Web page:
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The Resource Essays in Public Sector Entrepreneurship

Essays in Public Sector Entrepreneurship

Label
Essays in Public Sector Entrepreneurship
Title
Essays in Public Sector Entrepreneurship
Creator
Contributor
Subject
Language
eng
Member of
Cataloging source
MiAaPQ
Literary form
non fiction
Nature of contents
dictionaries
Series statement
International Studies in Entrepreneurship Ser.
Series volume
v.34
Essays in Public Sector Entrepreneurship
Label
Essays in Public Sector Entrepreneurship
Link
http://libproxy.rpi.edu/login?url=https://ebookcentral.proquest.com/lib/rpi/detail.action?docID=4391608
Publication
Copyright
Related Contributor
Related Location
Related Agents
Related Authorities
Related Subjects
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Carrier category
online resource
Carrier category code
cr
Carrier MARC source
rdacarrier
Color
multicolored
Content category
text
Content type code
txt
Content type MARC source
rdacontent
Contents
  • Contents -- About the Contributors -- Chapter 1: Introduction -- Reference -- Chapter 2: Motivating Entrepreneurship and Innovative Activity: Analyzing US Policies and Programs -- 2.1 The Role of Innovation Policies in the United States -- 2.1.1 Knowledge, Entrepreneurship, and Innovation -- 2.1.2 The Role of Knowledge, R&D, and Innovation -- 2.1.2.1 Cohen and Levinthal's Absorptive Capacity Argument -- 2.1.2.2 The Individual Entrepreneur -- 2.1.2.3 The Geographical Dimension -- 2.1.3 The Knowledge Filter -- 2.1.4 Measuring and Identifying Innovative Firms -- 2.1.4.1 Surveys and Expert Panels -- 2.1.4.2 Codified Innovation: Patents -- 2.1.4.3 Forward Patent Citation Radicalness -- 2.1.4.4 Backward Patent Classification and Citations -- 2.1.5 Financing and Firm Size: How Small Firms Survive in Illiquid Capital Markets -- 2.1.6 Role of Public Support Programs in Reducing Market Failures in Financing of Small (and Young) Companies -- 2.1.7 The Small Business Innovation Research Program (SBIR) -- 2.1.7.1 Phase I -- 2.1.7.2 Phase II -- 2.1.7.3 Phase III -- 2.1.7.4 Selection Process of Wining Project and Criteria Needed to Select Awardees -- 2.1.7.5 Variation in the Role of Procurement Between Agencies -- 2.1.7.6 Assessment -- 2.1.7.7 SBIR Cofinancing and Crowding Out -- 2.1.7.8 The Role of Phase III -- 2.1.8 The Advanced Technology Program (ATP) -- 2.1.8.1 ATP Design -- 2.1.8.2 Assessment of ATP -- 2.1.9 The DARPA Program -- 2.1.10 The Role of Other US Agencies in Innovation -- 2.1.10.1 Technology Innovation Program (TIP) -- 2.1.10.2 Small Business Technology Transfer Program (STTR) -- 2.1.10.3 Hollings Manufacturing Extension Partnership (MEP) -- 2.1.11 Lessons that Can Be Learned from These Programs -- 2.2 The Role of Local Institutions (Universities and Regions/States)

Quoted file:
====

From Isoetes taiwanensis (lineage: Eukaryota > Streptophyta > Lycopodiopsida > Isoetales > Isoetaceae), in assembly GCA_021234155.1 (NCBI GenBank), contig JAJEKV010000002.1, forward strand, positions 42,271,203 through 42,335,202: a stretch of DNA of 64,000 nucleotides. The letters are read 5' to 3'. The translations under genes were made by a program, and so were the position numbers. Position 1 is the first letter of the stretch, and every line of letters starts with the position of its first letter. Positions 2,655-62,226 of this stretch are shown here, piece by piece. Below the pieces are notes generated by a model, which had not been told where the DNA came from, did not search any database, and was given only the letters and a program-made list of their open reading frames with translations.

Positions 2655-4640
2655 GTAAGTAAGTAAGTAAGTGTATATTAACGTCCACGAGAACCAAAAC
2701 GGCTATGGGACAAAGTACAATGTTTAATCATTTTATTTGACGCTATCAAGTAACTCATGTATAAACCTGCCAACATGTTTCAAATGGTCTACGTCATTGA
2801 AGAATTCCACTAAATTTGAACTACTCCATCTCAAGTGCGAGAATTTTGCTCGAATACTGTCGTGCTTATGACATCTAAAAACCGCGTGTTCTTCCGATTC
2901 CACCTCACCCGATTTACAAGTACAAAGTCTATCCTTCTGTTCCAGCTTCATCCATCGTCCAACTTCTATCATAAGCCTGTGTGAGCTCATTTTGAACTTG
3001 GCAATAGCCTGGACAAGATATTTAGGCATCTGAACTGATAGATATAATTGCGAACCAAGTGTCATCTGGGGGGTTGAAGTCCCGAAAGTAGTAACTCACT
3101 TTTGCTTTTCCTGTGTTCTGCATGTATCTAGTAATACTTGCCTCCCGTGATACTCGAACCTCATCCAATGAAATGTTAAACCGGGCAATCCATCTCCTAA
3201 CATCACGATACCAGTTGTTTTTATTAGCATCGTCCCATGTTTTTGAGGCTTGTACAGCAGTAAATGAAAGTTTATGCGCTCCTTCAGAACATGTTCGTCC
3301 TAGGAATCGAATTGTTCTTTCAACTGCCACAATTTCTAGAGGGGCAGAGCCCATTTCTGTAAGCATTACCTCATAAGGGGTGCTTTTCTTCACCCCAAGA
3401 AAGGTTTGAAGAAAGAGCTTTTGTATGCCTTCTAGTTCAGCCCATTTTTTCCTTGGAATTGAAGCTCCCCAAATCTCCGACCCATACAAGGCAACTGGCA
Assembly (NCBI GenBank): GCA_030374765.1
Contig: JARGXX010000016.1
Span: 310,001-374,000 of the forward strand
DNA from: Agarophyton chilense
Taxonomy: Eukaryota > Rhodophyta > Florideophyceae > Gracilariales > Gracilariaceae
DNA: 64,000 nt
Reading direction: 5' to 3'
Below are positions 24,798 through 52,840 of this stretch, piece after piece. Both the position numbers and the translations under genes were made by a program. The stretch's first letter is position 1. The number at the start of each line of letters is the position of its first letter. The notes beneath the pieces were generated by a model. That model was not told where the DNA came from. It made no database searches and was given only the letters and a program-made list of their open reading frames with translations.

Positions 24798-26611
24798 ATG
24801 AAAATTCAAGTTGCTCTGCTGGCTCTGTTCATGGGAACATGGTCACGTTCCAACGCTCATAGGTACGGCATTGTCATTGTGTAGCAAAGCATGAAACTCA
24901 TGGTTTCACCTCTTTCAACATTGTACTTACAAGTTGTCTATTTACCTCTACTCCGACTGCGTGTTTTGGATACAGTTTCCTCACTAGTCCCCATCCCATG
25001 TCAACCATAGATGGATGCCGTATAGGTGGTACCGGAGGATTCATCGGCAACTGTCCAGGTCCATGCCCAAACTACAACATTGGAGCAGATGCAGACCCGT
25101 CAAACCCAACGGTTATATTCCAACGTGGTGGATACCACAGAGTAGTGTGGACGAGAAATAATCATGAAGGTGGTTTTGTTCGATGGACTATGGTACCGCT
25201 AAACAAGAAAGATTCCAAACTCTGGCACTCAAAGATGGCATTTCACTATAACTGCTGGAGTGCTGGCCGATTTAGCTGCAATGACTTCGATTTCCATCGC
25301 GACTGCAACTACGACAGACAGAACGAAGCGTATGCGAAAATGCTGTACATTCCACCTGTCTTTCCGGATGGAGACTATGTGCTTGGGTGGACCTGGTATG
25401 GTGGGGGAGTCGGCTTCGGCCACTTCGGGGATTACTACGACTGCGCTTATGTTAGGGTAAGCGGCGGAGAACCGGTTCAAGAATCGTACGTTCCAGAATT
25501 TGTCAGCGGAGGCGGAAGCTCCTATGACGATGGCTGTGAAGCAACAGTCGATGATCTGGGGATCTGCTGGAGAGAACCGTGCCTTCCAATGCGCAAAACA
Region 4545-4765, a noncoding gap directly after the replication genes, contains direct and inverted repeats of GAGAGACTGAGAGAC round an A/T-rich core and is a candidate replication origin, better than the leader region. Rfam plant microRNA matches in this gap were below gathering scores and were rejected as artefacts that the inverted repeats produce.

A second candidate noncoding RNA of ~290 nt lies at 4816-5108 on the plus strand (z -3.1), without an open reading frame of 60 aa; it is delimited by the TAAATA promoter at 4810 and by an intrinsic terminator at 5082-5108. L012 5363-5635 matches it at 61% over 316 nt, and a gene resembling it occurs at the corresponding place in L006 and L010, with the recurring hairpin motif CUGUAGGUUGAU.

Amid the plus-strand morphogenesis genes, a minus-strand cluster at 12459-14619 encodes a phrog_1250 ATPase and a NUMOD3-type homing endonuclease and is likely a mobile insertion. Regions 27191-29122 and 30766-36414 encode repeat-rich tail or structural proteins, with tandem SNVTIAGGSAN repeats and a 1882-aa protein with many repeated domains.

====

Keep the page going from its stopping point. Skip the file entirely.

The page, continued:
• 2.2.1 The Relevance of Universities and Regions/States in Fostering the Knowledge Economy -- 2.2.2 Complementarities between Centrally vs. Locally Based Policies -- 2.2.2.1 The Role of Universities and the Bayh-Dole Act in Economic Growth and Innovation -- 2.2.2.2 Role of Regions/States in Fostering the Knowledge Economy and Growth -- 2.3 Lessons from the US Programs -- 2.3.1 Does US Public Intervention Have a Positive Impact? -- 2.3.1.1 Crowding Out/Crowding In: Halo Effect -- 2.3.1.2 Geographical Diversification -- 2.3.2 Does US Public Intervention Show Characteristics that Drive Its Positive Impacts? -- 2.3.2.1 Agreeing on Innovation Targets -- 2.3.2.2 Creating Innovation Clusters -- 2.3.2.3 Coordination of Public Intervention -- 2.3.2.4 Cost-Efficient Management of Programs for Beneficiaries -- 2.3.2.5 University Technology Transfer Mechanisms -- References -- Chapter 3: Publicly Funded Principal Investigators as Transformative Agents of Public Sector Entrepreneurship -- 3.1 Introduction -- 3.2 A Question of Definition: A Scientist, Administrator, Manager or Research Leader? -- 3.2.1 From an Agent of Science to an Agent of Economic Transformation: The Ambidextrous PI -- 3.2.2 Some Challenges and Tensions Facing Publicly Funded PIs -- 3.3 Study Framework -- 3.3.1 Large-Scale Survey -- 3.3.2 In-Depth Interviews -- 3.3.3 Our Focus -- 3.4 Findings -- 3.4.1 The Publicly Funded PI as Research Strategist -- 3.4.1.1 Strategic Behaviours of Publicly Funded PIs -- 3.4.2 PIs as Managers -- 3.4.2.1 The Managerial Nature of the PI Role -- 3.4.2.2 Managerial Challenges -- 3.4.2.2.1 Project Management -- 3.4.2.2.2 Project Adaptability -- 3.4.2.2.3 Project Network Management -- 3.4.3 PIs as Agents of Technology and Knowledge Transfer -- 3.4.3.1 Demands and Some Conditions for TT -- 3.4.3.2 Prevalent Technology and Knowledge Transfer Activities